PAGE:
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Our Schools

Feversham Nursery Undercliffe

For pupils


Government guidelines outline that, from the age of 11, it is compulsory for all schools to provide an RSE (Relationships and Sex Education) and health education curriculum. Queensbury Academy understands its obligation to provide effective and up-to-date RSE for its pupils, in accordance with the Department for Education RSE Guidance (July 2000), the Education Act 1996 (sections 403 and 405), the Education Act (2002) and the House of Commons briefing paper RSE in Schools (no. 0613, December 2015).


Queensbury Academy is aware that children and young people are growing up in an increasingly complex world and living their lives seamlessly on and offline. This presents many positive and exciting opportunities, but also challenges and risks. In this environment, children and young people need to know how to be safe and healthy, and how to manage their academic, personal and social lives in a positive way.

The aim of RSE is to give young people the information they need to help them develop healthy, nurturing relationships of all kinds, not just intimate relationships. It should enable them to know what a healthy relationship looks like and what makes a good friend, a good colleague and a successful marriage, civil partnership or other type of committed relationship. It should also cover contraception, developing intimate relationships and resisting pressure to have sex (and not applying pressure). It should teach what is acceptable and unacceptable behaviour in relationships. This will help students understand the positive effects that good relationships have on their mental wellbeing, identify when relationships are not right and understand how such situations can be managed.

Alongside being taught intimate relationships, students will also be taught about family relationships, friendships and other kinds of relationships that are an equally important part of becoming a successful and happy adult.

Teaching of RSE at Queensbury Academy will enable students:

• to distinguish between content and experiences that exemplify healthy relationships and those that are distorted or harmful;

· to understand the benefits of healthy relationships to their mental wellbeing and self-respect and to understand that unhealthy relationships can have a lasting, negative impact on mental wellbeing;

• to believe they can achieve goals and that in order to achieve those goals they

must stick at the tasks despite the challenges they may face;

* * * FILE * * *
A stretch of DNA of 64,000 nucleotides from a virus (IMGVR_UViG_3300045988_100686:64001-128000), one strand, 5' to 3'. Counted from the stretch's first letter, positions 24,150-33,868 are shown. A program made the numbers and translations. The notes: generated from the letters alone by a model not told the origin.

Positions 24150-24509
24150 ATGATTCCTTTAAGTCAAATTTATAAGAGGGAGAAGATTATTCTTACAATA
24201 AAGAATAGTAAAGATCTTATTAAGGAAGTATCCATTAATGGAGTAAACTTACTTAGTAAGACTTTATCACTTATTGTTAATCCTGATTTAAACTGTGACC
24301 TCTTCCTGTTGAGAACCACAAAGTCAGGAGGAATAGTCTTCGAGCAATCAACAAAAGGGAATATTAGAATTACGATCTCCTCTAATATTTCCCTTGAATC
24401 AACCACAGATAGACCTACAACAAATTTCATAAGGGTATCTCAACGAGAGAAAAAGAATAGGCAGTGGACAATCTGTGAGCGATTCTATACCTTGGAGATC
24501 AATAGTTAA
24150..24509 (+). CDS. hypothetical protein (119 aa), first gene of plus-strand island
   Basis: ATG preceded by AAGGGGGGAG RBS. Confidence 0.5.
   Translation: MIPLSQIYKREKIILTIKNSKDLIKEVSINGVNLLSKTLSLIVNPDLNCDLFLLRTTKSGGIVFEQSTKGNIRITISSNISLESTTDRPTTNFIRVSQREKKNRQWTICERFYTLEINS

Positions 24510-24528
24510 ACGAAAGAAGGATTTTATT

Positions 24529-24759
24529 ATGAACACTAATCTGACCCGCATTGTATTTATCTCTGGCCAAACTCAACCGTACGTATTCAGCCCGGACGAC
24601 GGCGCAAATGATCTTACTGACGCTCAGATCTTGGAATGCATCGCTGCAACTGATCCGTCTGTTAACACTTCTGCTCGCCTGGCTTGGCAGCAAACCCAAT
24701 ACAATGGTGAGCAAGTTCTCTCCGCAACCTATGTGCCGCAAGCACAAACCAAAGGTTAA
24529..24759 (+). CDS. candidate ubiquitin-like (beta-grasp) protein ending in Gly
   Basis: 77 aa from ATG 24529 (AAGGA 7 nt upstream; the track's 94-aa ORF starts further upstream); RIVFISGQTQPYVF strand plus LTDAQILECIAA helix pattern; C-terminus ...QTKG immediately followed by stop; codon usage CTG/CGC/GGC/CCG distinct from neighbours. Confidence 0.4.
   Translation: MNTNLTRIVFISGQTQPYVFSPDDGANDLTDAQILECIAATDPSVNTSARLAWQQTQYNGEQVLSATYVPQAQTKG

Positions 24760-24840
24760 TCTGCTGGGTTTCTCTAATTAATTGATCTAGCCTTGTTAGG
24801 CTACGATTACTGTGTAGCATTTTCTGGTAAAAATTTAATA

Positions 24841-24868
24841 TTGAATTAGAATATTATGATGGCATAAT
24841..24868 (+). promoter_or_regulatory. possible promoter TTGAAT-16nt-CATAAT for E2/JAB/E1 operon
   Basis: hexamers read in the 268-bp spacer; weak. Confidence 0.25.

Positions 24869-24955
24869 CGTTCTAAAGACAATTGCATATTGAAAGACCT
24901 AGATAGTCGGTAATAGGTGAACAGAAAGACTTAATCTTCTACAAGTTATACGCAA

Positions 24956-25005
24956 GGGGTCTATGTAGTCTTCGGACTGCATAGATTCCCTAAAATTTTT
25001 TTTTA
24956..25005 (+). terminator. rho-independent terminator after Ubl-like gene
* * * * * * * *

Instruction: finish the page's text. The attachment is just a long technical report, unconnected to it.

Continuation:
• to be taught the facts and the law about sex, sexuality, sexual health and gender identity in an age-appropriate and inclusive way;

• to recognise when relationships (including family relationships) are unhealthy or abusive (including the unacceptability of neglect, emotional, sexual and physical abuse and violence including honour-based violence and forced marriage) and strategies to manage this or access support for themselves or others at risk;

• to recognise risks, harmful content and contact, and how and when to report issues to keep them safe online;

• to, within the law, be well equipped to make decisions for themselves about how to live their own lives in the future, whilst respecting the right of others to make their own decisions and hold their own beliefs.

Definition and context

“RSE is lifelong learning about physical, moral and emotional development. It is about the understanding of the importance of marriage for family life, stable and loving relationships, respect, love and care. It is also about the teaching of sex, sexuality, and sexual health.” (Sex and Relationships Education Guidance, DfE 0116/2000)

How is RSE taught?

Queensbury Academy places a high importance on creating a supportive and secure environment

where students can develop the confidence needed to talk, listen and think about relationships,

change and sex. In order to do this, teachers will:

1.       Establish clear rules

2.       Emphasise the importance of mutual respect

3.       Require no open disclosures in a class setting

4.       Use distancing techniques

5.       Where necessary, provide for anonymity so that students can ask the questions they need to ask (eg. using a question box)

Queensbury Academy will draw on a range of teaching methods appropriate to a particular age

group in order to encourage the exploration of attitudes, values and beliefs, and in order to

impart information.

All RSE teachers will be clear about the boundaries of confidentiality and about where students

can go for further information, advice and support.


*** Further information about SRE can be found on the links below.

RSE Policy
Understanding RSE - a guide for parents
FAQs about RSE
RRE consent parent letter